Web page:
In 1945, William Zinn had an audition for the Pittsburgh Symphony at 11 a.m. at Steinway Hall. Zinn lived in the Bronx, and the trains were slow that morning, so he arrived on 57th Street with only five minutes to spare. As he rushed up the street, he met the cellist from his string quartet, Sam Isaacson, who was on his way to a rehearsal at Carnegie Hall. He told Sam he was late, and couldn’t stop to talk. Sam pulled out a five cent cigar, popped it into Zinn’s mouth, lit it, wished him luck, and they quickly parted.
Zinn rushed into Steinway Hall five minutes late, where he met the audition contractor, Charlie Cunin, who rushed him onstage. Zinn removed his overcoat, scarf, hat and gloves and laid them on the piano with his violin case. As he tuned up, he realized he still had Sam’s cigar in his mouth, so he removed it and placed it on the edge of the piano. A voice called out from the darkened auditorium, “Get that man and cigar off the stage!” It was Fritz Reiner, who had been listening to auditions since 9 a.m. Zinn moved his belongings backstage, and returned to complete his audition. Though he didn’t have time to rosin his bow, warm up, or calm down, he still gave a good audition. He was told that Reiner liked his playing but not his attitude, and so he would not be offered a contract. Zinn replied, “Tell Doctor Reiner that I like his conducting, but not his attitude,” and left in a huff.
A year later, at Local 802, Zinn ran into a friend, Mike Bloom, who told him he was auditioning at a nearby hotel for the Pittsburgh Symphony, and invited him to come along. Zinn didn’t think Reiner would remember him, so he agreed. Charlie Cunin didn’t remember him, and added his name to the tryout list. But when he borrowed a violin from a young woman who had just auditioned and stepped into the next room, Reiner cried out, “Zinn! Vot are you doing here?” Amazed that Reiner remembered him, he said quietly, “I came for the job.” Reiner said, “Sit down and look me in the eye!” They sat staring into each other’s eyes for a few moments, and then, suddenly, Reiner blinked. Then he said to the manager, “Give Zinn a contract for first violins.”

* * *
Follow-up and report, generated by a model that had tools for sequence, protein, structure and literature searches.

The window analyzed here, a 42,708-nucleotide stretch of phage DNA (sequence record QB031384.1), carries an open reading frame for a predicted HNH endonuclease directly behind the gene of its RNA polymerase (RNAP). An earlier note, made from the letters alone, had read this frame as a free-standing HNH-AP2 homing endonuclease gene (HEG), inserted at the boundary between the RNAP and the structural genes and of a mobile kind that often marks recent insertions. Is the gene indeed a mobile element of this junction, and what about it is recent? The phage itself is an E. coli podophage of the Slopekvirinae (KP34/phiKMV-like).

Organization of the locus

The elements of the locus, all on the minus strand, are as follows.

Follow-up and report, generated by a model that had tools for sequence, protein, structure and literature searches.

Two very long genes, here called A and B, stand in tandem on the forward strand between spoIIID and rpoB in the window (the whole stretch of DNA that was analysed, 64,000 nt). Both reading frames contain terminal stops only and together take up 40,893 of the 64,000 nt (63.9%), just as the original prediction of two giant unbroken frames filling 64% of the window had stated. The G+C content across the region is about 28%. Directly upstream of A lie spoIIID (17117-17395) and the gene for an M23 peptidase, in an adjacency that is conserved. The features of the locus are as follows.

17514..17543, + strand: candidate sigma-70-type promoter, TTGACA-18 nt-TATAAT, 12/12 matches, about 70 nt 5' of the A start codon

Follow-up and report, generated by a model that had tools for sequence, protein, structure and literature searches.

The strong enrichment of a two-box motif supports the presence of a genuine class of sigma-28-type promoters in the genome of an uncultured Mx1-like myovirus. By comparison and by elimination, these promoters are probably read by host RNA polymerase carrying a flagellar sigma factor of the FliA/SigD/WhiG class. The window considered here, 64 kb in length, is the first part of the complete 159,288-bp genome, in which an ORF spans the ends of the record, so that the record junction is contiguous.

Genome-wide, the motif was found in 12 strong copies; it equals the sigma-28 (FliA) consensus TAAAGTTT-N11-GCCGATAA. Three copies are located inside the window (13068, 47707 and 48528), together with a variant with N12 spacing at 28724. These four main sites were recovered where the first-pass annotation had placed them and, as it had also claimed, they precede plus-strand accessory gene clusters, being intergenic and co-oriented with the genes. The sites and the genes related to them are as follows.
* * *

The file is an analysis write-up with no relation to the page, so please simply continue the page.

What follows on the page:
Mike Bloom had been listening at the door to find out what music was being given for sight reading. As Zinn emerged, Bloom said, “I didn’t hear you play.” Zinn said, “You don’t have to play. Just look Reiner in the eye, and don’t blink!” As Bloom entered the adjoining room, Zinn heard Reiner shout, “Play a concerto!” But they both ended up with contracts.
George Flynn, out on a concert tour of New England with the Maria Schneider Orchestra, told me about playing at the University of Connecticut in Storrs. After the concert, as they were packing up, a lady came up to Scott Robinson and said, “You’re all such wonderful musicians! It was so much fun to sit out there and try to guess which profession each of you is in!” Scott smiled and said, “You just made my journal.”
John Barbe sent me a road story from 1958. The Buddy Morrow band played a one-nighter in a hotel on U.S. route 40 in Indianapolis. John told the drivers to follow route 40 until they got to Columbus, Ohio and turn left on route 23 to the college, for the following night’s gig. About two hours before starting time, Walt Stuart phoned Buddy. “Four of us can’t make the gig! I drove until I saw the ‘Welcome to Illinois’ sign!”
Jean Packard, now down in Florida, told me about a seven-month gig she once had with Bob Snyder’s Grand Hotel Orchestra on Mackinac Island, Michigan. Later, in California, she mentioned that gig to a group of musicians gathered at Dick and Jessie Cary’s home, and Dan Barrett, the trombonist, said he had been on that island when a friend asked him to be part of his crew as he took his sailboat back to Chicago. Barrett told him he was no sailor, but the friend said that was okay.
They sailed west on Lake Michigan, following the coastline, and decided to come into port at the Michigan town of Charlevoix. They needed to sound a horn to let other boats know they were approaching, but they discovered that the sailboat’s horn wasn’t working. So Barrett got out his trombone and hooted them in. He was loudly playing “Charlie, My Boy.”
Herb Gardner posted this on Facebook:
To hold the attention of a music class of teenage boys, I told them that learning a little piano could really fix up their social lives. If they could learn to play the accompaniment to Hoagy Carmichael’s “Heart and Soul,” no teenage girl could resist sitting next to them to play the melody. They were doing pretty well at it, but the peculiar look on the face of a teacher’s aide at the back of the room made me think that maybe I’d been a little flippant about reducing the serious business of music education to a way to pick up chicks. After the class she came over to me and said, “That’s the way I met my husband!”